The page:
The recent nationwide survey on psychoactive drug use patterns in Nigeria indicates an overall rate in the country (14.4%) that exceeded the global the global average as at 2016 of 5.6%. While opiates were commonly used and abused in the northern parts of the country, cannabis was more commonly abused in the southern region. The survey also reported that one in four drug users were female, while there was a high proportion of poly drug use (95%) among those classed as 'high-risk' drug users. One in five 'high-risk' drug users were also injecting drugs.[1] High-risk drug users in the survey were classed as those 'who had used opioids, crack/cocaine or amphetamines in the past 12 months, and had used those drugs on at least 5 occasions in the past 30 days'. In the 'south-south' geopolitical zone, rates of drug use came second only to the south-west. Cannabis, pharmaceutical opioids and cough syrups containing codeine were the psychoactive substances commonly used or abused. Notably, the past year cannabis use was higher in this zone compared to the national average.[1]

Presentations at substance abuse treatment facilities serve as epidemiological treatment demand indicators and also help monitor trends. Previous reports from sub-Saharan Africa have identified gaps between the pattern of drug use requiring treatment at substance abuse centres and trends in the community. Factors responsible for these differences have been identified and have helped shape policy and treatment programs over subsequent years.[2],[3],[4] This study aimed to provide the current descriptive epidemiological information about treatment demand at a regional substance abuse treatment centre in Benin-City, Nigeria, over a 4-year period (2015–2018) and discuss its implications in light of the recently released nationwide drug use survey as well provide suggestions regarding policy development and practice implication.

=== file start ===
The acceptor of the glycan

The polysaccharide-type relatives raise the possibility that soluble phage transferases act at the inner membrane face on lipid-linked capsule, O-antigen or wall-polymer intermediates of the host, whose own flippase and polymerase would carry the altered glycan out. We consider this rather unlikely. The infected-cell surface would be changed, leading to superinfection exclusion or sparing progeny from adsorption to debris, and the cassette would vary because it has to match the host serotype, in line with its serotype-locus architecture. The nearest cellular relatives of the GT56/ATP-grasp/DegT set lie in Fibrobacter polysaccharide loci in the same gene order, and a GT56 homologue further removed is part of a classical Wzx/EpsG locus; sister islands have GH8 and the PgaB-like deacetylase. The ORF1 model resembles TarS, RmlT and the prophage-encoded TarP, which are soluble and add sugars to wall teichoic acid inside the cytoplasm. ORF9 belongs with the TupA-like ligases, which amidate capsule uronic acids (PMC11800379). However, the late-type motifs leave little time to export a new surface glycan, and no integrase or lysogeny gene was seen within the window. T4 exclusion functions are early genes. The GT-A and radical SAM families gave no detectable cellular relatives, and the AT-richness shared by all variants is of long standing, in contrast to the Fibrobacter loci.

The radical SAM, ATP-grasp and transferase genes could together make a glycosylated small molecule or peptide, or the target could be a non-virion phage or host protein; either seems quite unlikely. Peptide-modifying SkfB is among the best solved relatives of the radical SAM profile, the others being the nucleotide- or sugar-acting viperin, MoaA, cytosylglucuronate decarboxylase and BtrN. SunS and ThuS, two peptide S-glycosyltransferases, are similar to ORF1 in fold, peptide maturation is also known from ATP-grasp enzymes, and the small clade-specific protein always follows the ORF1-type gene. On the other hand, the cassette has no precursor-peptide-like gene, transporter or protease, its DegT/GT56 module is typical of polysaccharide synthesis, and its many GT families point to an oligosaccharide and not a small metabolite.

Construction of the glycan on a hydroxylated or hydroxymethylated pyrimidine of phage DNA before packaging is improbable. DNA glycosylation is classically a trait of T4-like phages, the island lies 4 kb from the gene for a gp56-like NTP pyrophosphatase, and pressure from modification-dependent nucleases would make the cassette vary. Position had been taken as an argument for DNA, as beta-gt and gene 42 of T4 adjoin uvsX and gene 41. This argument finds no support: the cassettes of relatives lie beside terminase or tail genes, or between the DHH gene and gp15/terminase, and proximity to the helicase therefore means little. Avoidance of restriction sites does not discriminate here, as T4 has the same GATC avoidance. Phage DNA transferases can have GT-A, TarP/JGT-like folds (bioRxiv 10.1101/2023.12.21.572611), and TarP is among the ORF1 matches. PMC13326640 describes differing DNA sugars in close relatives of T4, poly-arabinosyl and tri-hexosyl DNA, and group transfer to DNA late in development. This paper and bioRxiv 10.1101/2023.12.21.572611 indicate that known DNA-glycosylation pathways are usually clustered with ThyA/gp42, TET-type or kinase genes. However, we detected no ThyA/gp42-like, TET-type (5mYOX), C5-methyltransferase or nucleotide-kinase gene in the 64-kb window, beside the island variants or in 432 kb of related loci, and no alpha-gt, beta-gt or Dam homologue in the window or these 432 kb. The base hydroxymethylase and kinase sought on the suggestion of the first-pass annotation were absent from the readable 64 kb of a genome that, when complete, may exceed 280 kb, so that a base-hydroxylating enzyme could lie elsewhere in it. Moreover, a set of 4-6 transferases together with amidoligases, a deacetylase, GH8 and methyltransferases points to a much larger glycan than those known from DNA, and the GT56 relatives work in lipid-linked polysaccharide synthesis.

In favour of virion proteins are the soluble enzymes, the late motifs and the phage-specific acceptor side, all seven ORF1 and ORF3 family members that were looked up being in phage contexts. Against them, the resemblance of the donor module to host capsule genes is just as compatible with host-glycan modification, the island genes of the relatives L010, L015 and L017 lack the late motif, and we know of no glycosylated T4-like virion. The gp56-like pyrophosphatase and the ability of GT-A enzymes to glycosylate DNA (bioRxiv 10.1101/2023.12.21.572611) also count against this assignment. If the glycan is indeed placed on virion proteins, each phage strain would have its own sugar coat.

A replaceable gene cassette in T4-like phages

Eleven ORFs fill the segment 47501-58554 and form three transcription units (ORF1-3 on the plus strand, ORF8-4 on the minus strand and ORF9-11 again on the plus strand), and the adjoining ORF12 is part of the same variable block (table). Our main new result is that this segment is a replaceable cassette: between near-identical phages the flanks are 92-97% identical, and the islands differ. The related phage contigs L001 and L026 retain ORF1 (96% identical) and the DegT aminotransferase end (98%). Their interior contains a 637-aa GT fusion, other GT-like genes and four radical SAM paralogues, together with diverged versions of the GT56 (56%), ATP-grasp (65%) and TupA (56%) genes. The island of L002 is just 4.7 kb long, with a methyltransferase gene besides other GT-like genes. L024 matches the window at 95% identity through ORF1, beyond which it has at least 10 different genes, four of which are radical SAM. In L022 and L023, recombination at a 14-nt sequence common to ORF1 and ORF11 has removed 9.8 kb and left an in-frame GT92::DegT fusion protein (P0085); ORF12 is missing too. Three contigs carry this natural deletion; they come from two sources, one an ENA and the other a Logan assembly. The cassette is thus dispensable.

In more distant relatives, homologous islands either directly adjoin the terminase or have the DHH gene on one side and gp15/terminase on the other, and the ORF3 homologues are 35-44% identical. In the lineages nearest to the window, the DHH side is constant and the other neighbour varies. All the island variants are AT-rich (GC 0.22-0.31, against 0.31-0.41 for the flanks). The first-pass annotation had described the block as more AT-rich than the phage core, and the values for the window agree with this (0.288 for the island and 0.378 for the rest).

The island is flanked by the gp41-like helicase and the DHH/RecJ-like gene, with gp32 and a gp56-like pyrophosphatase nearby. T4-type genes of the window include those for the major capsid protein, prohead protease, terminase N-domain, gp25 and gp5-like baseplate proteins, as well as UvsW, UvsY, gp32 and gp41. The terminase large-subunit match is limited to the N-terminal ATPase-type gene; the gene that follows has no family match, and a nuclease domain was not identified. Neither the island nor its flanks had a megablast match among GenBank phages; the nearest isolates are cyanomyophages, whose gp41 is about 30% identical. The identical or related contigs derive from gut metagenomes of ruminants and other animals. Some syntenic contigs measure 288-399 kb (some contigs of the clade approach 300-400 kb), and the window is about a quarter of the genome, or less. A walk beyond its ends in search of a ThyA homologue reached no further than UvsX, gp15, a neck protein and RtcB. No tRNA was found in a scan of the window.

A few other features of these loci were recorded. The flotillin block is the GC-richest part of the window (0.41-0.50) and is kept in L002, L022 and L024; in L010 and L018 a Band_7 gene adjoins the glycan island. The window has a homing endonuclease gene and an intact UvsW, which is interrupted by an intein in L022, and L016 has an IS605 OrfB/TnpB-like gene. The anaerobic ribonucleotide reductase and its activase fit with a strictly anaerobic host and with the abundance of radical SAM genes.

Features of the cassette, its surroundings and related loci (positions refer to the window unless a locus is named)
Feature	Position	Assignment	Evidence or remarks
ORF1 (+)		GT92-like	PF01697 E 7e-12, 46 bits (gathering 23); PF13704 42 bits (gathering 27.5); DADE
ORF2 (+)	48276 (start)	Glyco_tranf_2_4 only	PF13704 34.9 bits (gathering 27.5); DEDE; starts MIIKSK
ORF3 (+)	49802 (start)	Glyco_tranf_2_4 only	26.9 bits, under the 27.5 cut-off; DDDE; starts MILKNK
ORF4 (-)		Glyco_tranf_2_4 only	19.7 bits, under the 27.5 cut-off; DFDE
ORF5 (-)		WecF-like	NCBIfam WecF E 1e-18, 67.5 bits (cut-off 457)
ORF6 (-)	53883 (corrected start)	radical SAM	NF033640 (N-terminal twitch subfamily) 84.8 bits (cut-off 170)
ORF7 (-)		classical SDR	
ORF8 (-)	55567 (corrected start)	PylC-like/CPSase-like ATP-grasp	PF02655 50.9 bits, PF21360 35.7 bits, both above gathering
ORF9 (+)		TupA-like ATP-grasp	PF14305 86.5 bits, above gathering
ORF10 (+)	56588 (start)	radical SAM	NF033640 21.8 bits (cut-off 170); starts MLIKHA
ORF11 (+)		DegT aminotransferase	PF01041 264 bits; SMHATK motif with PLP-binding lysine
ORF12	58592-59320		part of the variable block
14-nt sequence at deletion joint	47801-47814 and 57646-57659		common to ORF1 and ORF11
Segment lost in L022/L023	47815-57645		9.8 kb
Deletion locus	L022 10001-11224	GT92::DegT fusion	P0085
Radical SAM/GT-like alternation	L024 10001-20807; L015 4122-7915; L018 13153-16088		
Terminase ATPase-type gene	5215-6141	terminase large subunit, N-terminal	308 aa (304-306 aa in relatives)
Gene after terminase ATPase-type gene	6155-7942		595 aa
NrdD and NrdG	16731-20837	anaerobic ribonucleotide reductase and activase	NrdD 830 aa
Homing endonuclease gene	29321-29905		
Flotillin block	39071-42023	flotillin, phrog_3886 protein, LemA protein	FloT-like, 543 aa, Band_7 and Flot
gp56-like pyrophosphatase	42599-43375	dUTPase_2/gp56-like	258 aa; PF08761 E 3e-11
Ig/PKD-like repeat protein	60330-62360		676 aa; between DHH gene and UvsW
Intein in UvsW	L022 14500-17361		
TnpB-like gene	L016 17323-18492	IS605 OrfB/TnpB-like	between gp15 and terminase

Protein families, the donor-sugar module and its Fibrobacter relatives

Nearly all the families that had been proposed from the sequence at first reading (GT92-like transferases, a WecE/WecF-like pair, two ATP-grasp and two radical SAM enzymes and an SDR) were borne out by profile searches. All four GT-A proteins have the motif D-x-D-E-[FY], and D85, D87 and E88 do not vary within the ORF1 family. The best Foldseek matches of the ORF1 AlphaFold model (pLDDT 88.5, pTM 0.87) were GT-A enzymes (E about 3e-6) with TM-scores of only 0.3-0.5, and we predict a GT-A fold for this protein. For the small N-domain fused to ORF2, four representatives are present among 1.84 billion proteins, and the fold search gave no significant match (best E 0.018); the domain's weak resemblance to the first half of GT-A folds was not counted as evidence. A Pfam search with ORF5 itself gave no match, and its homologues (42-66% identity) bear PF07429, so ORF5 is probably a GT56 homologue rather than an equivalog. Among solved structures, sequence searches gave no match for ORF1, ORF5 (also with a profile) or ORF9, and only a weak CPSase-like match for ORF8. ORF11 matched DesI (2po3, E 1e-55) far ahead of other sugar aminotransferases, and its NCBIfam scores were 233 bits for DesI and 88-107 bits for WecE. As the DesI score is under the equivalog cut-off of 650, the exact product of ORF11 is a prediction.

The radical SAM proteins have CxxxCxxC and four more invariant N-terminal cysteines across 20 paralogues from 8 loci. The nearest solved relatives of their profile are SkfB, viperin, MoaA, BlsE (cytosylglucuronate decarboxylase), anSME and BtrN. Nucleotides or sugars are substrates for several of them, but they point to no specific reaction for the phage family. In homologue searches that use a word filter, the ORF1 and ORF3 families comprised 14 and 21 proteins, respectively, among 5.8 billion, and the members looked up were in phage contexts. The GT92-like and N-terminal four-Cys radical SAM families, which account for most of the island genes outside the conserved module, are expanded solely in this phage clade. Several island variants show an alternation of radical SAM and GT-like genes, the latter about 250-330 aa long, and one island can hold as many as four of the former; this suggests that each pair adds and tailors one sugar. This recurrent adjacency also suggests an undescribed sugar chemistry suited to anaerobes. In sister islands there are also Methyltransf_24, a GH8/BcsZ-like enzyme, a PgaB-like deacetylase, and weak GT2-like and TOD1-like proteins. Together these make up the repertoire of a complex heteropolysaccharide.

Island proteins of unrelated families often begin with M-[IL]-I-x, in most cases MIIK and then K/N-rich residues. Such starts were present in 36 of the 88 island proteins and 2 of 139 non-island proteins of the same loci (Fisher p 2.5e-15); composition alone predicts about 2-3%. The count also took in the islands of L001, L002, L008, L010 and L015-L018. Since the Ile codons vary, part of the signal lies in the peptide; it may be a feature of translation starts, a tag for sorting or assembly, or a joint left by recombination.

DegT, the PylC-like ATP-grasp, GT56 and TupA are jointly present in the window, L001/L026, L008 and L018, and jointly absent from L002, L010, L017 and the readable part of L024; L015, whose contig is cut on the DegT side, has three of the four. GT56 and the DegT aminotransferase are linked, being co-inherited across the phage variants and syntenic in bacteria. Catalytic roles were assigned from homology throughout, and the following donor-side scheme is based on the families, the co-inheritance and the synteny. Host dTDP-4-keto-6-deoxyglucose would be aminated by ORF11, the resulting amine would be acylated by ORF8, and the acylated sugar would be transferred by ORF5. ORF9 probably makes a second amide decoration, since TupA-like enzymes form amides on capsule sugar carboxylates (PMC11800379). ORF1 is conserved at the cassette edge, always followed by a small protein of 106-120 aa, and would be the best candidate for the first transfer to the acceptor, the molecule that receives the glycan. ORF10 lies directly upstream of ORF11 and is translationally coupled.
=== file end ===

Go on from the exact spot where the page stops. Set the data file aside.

Methods Top


Ethical considerations

Ethical clearance and approval was obtained from the Ethics Committee of the Federal Neuropsychiatric Hospital (FNPH), Benin-City, Edo State, Nigeria, on 25 April, 2018 (Protocol Number: PH/A.864/Vol.XIII/201). No identifying information was collected during the review.

Study setting

This study was conducted at the Drug Abuse Treatment Education and Research Unit of the Federal Neuro-Psychiatric Hospital, Benin-City, Edo State, Nigeria. The unit provides in-patient detoxification, rehabilitation services through a 40-bed facility; an out-patient rehabilitation clinic as well as professional training for substance abuse professionals. It was designated in 2012 as a regional training hub for substance use disorders in Nigeria by the Federal Ministry of Health (FMOH), as well as a model substance use disorder treatment facility. The unit is run by multidisciplinary staff and runs on an adapted Minnesota Model of drug treatment; which is an abstinence model of drug treatment developed around the principles of Alcoholics Anonymous and involving in-patient rehabilitation, a therapeutic community of clients in differing stages of recovery helping one another with guidance and support from staff, client and family education and continuing care.

Participants

This audit reviewed case records of participants who had received out-patient and in-patient care at the unit between February 2015 and December 2018.

Assessments